Toxic metals revealed to be absorbed by mycorrhizal fungi at plant roots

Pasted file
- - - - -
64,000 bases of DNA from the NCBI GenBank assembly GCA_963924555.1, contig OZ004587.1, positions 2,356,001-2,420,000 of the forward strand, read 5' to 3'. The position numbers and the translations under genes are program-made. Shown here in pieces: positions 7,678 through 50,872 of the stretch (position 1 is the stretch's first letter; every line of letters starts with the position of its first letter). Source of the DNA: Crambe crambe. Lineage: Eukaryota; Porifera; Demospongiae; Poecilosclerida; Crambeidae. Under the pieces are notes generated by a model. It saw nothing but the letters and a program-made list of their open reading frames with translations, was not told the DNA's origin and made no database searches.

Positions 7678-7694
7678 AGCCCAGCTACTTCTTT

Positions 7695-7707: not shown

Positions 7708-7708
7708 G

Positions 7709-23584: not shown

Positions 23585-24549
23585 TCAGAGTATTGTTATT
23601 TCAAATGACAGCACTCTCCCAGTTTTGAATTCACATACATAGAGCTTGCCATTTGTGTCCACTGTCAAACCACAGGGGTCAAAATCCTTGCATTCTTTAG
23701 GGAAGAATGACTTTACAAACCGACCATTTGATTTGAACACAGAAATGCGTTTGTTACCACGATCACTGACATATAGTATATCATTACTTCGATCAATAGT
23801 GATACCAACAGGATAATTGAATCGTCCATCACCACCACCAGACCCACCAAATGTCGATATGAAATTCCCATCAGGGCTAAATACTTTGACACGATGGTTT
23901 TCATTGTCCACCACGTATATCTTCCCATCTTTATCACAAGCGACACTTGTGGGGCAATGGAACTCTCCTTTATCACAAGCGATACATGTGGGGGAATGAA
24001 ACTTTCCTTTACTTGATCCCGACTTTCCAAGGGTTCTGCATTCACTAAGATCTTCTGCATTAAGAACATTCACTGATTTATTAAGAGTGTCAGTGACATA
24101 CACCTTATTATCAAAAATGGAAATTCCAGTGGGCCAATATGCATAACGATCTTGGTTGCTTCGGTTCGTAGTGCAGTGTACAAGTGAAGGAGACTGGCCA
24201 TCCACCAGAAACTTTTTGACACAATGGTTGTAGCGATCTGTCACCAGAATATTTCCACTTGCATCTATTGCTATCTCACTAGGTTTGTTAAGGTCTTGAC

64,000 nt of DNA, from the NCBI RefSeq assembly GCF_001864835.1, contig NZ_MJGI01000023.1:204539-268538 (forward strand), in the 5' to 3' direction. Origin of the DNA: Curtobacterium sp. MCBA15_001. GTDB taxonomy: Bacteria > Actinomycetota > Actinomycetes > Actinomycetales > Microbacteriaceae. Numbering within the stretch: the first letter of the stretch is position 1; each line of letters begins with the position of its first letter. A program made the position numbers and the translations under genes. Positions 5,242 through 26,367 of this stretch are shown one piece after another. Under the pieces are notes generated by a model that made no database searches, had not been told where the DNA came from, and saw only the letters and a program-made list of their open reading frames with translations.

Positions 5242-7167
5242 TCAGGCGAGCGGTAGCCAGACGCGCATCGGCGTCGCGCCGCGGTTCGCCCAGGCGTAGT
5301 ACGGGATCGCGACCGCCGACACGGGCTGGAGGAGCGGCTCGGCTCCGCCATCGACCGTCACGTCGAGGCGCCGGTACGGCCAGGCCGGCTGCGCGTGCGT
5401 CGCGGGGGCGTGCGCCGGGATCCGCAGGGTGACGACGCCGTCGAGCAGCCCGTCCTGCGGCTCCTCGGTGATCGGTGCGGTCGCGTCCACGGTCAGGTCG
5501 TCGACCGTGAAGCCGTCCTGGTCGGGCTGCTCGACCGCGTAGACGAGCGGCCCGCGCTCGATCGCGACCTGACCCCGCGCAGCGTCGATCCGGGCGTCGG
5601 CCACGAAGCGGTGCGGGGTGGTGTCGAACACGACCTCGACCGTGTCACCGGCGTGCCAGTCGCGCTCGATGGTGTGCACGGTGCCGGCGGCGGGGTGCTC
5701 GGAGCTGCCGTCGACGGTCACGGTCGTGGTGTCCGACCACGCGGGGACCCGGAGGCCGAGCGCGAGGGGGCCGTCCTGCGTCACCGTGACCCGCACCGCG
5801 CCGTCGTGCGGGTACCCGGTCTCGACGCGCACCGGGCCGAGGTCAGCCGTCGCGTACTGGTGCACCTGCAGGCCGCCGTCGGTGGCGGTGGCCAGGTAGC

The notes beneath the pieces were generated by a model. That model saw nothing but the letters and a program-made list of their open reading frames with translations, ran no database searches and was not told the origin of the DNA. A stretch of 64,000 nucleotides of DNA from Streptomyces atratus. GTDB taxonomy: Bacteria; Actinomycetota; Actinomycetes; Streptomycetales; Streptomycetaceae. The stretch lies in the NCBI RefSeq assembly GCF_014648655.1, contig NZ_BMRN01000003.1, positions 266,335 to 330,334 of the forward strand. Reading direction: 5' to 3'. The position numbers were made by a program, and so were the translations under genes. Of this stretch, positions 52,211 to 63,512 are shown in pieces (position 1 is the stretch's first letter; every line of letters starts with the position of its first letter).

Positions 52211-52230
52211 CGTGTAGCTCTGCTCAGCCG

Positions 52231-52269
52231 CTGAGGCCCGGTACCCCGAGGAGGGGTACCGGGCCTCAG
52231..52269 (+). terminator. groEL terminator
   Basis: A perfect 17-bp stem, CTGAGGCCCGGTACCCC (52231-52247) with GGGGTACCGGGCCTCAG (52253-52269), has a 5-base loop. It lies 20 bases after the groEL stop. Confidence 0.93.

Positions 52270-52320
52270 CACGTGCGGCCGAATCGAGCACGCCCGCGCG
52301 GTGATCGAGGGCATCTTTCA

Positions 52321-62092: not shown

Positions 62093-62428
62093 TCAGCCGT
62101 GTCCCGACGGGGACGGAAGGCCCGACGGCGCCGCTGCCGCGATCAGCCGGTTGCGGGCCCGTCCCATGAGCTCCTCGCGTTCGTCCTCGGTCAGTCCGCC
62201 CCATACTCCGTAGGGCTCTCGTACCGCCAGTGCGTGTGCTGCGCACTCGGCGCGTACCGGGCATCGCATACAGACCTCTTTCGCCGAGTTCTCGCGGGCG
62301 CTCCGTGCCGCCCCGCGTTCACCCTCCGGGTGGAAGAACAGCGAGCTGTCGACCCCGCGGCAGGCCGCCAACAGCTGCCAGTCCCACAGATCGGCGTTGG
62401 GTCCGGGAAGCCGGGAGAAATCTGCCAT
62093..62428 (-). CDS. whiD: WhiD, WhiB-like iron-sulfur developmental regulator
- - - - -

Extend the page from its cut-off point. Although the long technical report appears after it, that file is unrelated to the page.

Jan Borovička and his co-workers have published a study on the accumulation of toxic metals and other elements in ectomycorrhizal roots of Norway spruce (Environmental Pollution, Impact Factor: 4.839). Their research was conducted in the Příbram area, subjected to long-lasting man-induced pollution from ore mining and processing. When compared to non-mycorrhizal tiny spruce roots and organic soils, concentrations of metals (cadmium and silver in particular) were significantly elevated in ectomycorrhizal roots. This phenomenon can be attributed to metal-binding capacity of fungal mycelia. These results support the hypothesis that mycorrhizal fungi may protect host plants against heavy metal toxicity in polluted environments.